The connections run deep between Oxford University and Sarah Lawrence College.
The college’s seminar-conference system, which since the late 1920s has combined independent student research and individual faculty supervision, draws heavily from Oxford’s renowned tutorial tradition.
For the past quarter-century, that relationship has blossomed through the Sarah Lawrence at Oxford program, which brings up to 30 American students—including several from other US colleges—to the university’s Wadham College for a year of study, and welcomes a half-dozen Wadham students to its Westchester County campus for three weeks each spring.
This year, Sarah Lawrence and Oxford celebrated the program’s 25th anniversary at a gathering at the Heimbold Visual Arts Center. In attendance were several Wadham officials, Sarah Lawrence alumnae/i who had studied in Oxford, and students set to travel there in September. They also toasted the 400th anniversary of Wadham’s founding by the widow of Nicholas Wadham, a Somerset landowner who won permission from King James I to set up the school.
"I'm not sure how we did it," said Sir Neil Chalmers, warden of Wadham College, who told those gathered at the event: "For the first 375 years, we managed without you."
He said that the Sarah Lawrence program has provided an international flavor to one of Oxford's biggest colleges, known for its informal atmosphere and high academic standards. Many Sarah Lawrence students come with an artistic sensibility that enlivens the Oxford dormitory scene.
"You enrich our community with your perspective and creativity," he said.
Karen Lawrence, president of Sarah Lawrence College, who visited the Oxford campus in the fall, said the exchange program provides a stimulating opportunity for top students. “It’s rich, demanding and exciting,” she said.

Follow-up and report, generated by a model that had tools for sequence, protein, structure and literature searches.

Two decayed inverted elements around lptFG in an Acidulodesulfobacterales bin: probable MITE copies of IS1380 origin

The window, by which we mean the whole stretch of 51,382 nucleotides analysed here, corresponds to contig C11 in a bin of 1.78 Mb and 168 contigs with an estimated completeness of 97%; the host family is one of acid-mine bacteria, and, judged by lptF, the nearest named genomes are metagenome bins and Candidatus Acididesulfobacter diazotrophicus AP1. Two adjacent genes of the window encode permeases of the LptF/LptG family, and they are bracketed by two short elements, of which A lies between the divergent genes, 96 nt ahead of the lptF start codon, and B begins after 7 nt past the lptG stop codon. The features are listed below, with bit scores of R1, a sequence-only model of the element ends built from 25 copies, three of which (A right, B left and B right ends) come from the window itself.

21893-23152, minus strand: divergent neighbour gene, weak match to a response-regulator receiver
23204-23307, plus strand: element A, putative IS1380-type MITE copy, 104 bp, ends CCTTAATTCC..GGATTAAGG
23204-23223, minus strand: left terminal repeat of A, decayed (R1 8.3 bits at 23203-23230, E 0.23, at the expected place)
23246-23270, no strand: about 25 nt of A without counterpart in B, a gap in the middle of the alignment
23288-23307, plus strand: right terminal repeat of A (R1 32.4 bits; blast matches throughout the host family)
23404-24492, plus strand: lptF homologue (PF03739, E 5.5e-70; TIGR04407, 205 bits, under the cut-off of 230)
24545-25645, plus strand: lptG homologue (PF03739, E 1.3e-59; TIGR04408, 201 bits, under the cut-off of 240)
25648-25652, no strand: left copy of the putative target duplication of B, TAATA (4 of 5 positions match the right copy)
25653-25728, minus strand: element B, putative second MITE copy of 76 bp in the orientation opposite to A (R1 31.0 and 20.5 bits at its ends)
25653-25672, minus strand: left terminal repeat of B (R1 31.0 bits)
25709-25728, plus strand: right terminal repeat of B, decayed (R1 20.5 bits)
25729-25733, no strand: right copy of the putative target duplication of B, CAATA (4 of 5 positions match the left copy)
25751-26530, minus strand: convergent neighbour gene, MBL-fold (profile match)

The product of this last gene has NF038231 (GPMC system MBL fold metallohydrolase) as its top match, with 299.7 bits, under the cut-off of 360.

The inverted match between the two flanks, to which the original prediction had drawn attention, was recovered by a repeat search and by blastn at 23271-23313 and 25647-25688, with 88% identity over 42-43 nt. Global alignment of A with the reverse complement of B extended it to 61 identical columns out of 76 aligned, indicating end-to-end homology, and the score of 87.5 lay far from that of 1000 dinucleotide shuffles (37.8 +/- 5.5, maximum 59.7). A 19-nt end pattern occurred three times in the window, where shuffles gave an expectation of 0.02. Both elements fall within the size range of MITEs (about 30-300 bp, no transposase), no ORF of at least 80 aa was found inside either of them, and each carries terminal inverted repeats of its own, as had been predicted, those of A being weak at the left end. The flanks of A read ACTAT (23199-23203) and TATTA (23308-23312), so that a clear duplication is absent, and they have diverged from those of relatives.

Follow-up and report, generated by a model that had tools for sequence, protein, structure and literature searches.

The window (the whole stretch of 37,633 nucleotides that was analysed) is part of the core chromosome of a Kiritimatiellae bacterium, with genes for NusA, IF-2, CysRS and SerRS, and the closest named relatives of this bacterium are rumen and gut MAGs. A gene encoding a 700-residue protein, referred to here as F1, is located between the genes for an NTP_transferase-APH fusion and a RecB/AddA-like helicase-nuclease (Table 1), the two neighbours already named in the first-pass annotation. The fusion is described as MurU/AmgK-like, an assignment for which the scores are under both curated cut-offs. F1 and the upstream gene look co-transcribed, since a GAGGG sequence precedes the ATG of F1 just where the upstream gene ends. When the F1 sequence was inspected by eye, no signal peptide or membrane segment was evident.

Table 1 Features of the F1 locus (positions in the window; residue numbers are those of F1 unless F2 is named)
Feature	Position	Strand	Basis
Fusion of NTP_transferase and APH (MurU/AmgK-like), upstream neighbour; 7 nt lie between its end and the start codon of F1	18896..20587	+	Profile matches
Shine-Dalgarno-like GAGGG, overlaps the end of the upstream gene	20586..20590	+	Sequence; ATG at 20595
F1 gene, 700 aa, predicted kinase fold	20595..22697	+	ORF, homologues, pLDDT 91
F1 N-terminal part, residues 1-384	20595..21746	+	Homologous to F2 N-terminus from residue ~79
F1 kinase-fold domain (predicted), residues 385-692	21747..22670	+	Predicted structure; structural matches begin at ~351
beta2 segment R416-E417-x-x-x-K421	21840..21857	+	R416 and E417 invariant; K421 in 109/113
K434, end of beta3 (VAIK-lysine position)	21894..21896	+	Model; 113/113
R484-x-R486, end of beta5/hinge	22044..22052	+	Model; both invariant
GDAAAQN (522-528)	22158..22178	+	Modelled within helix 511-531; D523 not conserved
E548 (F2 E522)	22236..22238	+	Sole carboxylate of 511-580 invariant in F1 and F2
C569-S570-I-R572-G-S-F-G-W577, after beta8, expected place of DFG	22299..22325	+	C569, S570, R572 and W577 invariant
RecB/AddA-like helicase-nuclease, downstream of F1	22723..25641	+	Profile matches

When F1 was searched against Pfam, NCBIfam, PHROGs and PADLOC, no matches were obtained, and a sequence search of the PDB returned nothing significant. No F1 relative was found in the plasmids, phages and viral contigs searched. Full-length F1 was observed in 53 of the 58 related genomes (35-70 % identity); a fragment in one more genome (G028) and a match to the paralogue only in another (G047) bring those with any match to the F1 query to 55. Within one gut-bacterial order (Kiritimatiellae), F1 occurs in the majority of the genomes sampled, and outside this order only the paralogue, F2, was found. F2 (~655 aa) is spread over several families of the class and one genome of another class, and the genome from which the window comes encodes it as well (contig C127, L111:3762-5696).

Chalmers noted that the students who come to Wadham do well under the Oxford tutorial system because they are accustomed to a one-on-one relationship with a faculty member through Sarah Lawrence’s conference and donning system. However, students and faculty acknowledge that the Oxford experience differs markedly in its approach.
At Wadham College, students take no courses. Instead, they choose a broad academic field, such as history or English Literature, and are assigned two tutors for each of three eight-week terms. Students meet weekly for an hour with each tutor. They provide a reading list of several books and articles on a particular topic in that field. By week’s end, the student must produce essays of between 3,000 and 5,000 words on each topic, which they read to the tutor, and then discuss in a spirited exchange.
The tutor may challenge the essay’s assumptions, and the student is expected to defend his or her point of view, based on primary and secondary sources. Students rarely hand in their essays—the exchange between student and tutor is what’s important.
“It’s like a baptism by fire,” said Ashlinn Romagnoli, ’10, who attended the Oxford program in 2008-09. “The relationship with the tutor can be nerve-wracking, but it’s quite fulfilling. Now I really know how to write under pressure.”
Standards are high for those Sarah Lawrence students who apply to study at Oxford for a year. They need to have a Grade Point Average of at least 3.5. In September, 23 Sarah Lawrence students and five students from Reed College, Swarthmore College and Tufts University will begin the fall term at Oxford.